The RED Fairy Book - online children's book

Illustrated classic fairy tales for children by Andrew Lang

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198
KARI WOODENGOWN
' Be off at once, you ugly Troll,' said he ; ' do you think that I will have a towel that has been touched by your dirty fingers ? '
After that the Prince went to church, and Kari also asked leave to go. They all asked how she could want to go to church when she had nothing to wear but that wooden gown, which was so black and hideous. But Kari said she thought the priest was such a good man at preaching that she got so much benefit from what he said, and at last she got leave.
She went to the rock and knocked, whereupon out came the man and gave her a gown which was much more magnificent than the first. It was embroidered with silver all over it, and it shone like the silver wood, and he gave her also a most beautiful horse, with housings embroidered with silver, and a bridle of silver too.
When the King's daughter got to church all the people were standing outside upon the hillside, and all of them wondered who on earth she could be, and the Prince was on the alert in a moment, and came and wanted to hold her horse while she alighted. But she jumped off and said that there was no need for that, for the horse was so well broken in that it stood still when she bade it and came when she called it. So they all went into the church to­gether, but there was scarcely any one who listened to what the priest was saying, for they were all looking far too much at her, and the Prince fell much more deeply in love with her than he had been before.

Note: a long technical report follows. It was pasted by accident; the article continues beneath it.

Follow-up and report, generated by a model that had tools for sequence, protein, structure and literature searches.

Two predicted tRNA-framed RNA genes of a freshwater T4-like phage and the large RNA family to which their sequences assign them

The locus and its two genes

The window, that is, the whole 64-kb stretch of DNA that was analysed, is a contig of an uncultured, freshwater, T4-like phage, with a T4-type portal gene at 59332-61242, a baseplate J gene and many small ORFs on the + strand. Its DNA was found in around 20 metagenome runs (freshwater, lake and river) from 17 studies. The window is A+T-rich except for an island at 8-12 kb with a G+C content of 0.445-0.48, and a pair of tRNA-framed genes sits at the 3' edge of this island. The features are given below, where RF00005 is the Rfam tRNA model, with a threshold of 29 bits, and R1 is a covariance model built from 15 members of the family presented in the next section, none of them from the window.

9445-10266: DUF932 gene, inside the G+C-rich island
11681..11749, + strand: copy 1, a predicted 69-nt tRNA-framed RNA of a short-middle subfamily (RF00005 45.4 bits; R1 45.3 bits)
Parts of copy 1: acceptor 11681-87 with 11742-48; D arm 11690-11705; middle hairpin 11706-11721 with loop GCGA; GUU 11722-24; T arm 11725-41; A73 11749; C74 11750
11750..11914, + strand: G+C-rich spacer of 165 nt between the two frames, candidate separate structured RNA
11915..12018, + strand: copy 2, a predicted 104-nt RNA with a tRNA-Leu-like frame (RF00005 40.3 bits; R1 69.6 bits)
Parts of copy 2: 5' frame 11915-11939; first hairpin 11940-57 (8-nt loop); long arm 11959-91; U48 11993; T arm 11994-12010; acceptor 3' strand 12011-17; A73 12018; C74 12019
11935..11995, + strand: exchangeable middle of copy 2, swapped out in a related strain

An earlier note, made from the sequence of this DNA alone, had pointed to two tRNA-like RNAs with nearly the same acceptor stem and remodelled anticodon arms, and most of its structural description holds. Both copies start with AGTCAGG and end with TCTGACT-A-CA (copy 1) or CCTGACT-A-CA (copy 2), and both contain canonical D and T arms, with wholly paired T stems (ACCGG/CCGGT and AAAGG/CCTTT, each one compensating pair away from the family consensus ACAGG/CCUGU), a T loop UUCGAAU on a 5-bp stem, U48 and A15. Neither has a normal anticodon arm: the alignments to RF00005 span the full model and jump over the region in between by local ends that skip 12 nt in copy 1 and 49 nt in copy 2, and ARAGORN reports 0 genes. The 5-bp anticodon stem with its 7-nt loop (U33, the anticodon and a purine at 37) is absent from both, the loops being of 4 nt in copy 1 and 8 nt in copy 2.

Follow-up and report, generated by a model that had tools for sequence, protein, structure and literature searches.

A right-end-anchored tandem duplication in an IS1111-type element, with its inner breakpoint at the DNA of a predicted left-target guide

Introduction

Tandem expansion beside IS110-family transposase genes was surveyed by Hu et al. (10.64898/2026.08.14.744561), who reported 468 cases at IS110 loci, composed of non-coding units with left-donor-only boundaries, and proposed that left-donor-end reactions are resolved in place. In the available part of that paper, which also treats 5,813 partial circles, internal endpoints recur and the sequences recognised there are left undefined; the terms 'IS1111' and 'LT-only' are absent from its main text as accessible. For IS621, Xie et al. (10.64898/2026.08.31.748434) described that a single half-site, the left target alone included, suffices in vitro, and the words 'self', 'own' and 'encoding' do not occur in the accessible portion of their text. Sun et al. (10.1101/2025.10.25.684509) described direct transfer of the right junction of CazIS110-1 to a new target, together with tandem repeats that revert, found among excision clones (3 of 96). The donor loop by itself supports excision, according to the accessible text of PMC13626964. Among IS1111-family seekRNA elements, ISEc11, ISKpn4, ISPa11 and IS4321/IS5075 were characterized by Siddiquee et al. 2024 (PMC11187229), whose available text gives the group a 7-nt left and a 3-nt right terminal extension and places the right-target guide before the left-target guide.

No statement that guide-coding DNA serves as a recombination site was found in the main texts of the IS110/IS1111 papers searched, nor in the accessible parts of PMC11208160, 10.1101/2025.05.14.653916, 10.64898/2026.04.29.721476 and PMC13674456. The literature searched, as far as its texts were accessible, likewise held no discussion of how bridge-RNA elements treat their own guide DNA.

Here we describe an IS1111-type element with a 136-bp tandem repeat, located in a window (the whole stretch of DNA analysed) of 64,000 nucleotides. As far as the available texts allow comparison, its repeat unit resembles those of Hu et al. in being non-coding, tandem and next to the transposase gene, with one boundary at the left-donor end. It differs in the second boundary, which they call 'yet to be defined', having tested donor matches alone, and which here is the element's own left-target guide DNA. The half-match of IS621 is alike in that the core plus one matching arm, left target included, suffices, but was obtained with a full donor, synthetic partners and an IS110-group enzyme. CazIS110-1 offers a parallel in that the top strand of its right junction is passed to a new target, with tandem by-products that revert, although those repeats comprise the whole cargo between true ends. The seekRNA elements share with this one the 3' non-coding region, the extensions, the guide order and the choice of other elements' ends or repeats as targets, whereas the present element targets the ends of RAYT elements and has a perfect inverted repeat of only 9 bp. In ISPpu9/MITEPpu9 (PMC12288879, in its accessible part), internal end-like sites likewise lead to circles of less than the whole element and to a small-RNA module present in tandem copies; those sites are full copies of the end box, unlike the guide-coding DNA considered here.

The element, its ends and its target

When the sermon was over and she went out of the church, and was just going to mount her horse, the Prince again came and asked her where she came from.
' I am from Towelland,' said the King's daughter, and as she spoke she dropped her riding-whip, and while the Prince was stooping to pick it up she said :
' Darkness behind me, but light on my way, That the Prince may not see where I'm going to-day ! '
And she was gone again, neither could the Prince see what had become of her. He went far and wide to inquire for that country from whence she had said that she came, but there was no one who could tell him where it lay, so he was forced to have patience once more.
Next Sunday some one had to go to the Prince with a comb. Kari begged for leave to go with it, but the others reminded her of what had happened last time, and scolded her for wanting to let the
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